• The Court took the view that it would have been assisted by evidence regarding the reaction of RSA Insurance’s shareholders generally to the various publications and press reports relied on by RSA Insurance, but there had been no disclosure on this issue.
  • Regardless of whether the claimants had been aware of the relevant media reports and announcements relating to financial irregularities within RSA Insurance in 2013 and 2014, these documents, on their own, would not have provided sufficient information for the claimants to plead a case in fraud.

Comment

This case provides important guidance on how the English courts will undertake an assessment of claims both under section 90A of FMSA and in fraud generally, of this kind brought outside the usual limitation periods in the summary judgment and strike out context. Defendants will not succeed in striking out claims at this stage where information in the public domain at the relevant time was insufficient to prompt a reasonable investor to investigate matters further. In this case it was reasonable for investors to assume that RSA Insurance had taken proper steps to investigate allegations of misconduct and to report accurately to its investors following that investigation. The claimants were not expected to embark on further investigations into potential claims based on the information available at the time.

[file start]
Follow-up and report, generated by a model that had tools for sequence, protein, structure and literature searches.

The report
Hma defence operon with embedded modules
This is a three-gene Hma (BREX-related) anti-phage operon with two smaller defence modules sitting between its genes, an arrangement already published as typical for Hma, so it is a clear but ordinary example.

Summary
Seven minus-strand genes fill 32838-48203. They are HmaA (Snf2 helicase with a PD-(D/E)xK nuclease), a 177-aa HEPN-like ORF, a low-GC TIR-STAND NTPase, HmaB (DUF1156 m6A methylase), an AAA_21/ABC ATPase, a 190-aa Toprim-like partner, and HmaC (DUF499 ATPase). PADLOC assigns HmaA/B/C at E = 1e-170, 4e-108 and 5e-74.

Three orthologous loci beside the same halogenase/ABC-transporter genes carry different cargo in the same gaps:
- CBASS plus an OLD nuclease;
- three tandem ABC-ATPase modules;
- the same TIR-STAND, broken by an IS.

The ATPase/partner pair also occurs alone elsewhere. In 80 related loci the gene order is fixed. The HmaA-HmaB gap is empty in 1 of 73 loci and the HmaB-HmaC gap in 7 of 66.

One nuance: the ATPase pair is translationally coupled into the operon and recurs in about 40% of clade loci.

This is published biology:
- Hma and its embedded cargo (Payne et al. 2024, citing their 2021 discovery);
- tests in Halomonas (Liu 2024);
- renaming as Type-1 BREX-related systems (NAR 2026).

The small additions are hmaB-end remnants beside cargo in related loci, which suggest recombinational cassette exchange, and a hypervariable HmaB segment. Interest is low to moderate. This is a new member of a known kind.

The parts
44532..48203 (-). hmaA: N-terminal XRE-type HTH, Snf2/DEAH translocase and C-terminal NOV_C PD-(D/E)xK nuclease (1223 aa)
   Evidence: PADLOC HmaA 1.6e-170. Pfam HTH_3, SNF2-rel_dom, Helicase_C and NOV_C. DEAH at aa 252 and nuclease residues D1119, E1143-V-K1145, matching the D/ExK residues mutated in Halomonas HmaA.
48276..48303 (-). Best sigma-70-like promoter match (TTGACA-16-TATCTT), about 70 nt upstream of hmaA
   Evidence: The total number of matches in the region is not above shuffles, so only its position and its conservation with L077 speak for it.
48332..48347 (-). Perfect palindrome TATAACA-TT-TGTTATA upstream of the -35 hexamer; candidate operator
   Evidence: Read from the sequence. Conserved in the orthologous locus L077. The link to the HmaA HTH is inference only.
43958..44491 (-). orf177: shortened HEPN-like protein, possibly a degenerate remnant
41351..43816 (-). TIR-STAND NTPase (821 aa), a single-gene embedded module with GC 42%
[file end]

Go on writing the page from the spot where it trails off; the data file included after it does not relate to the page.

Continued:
Where a claim such as under section 90A of FMSA requires fraud or concealment to be pleaded, claimants must often tread a fine line between not delaying, and not beginning proceedings without sufficient information to plead fraud and survive any strike-out application. This judgment is a welcome indication that claimants under section 90A of FMSA will be given a degree of latitude by the Court when limitation defences are raised.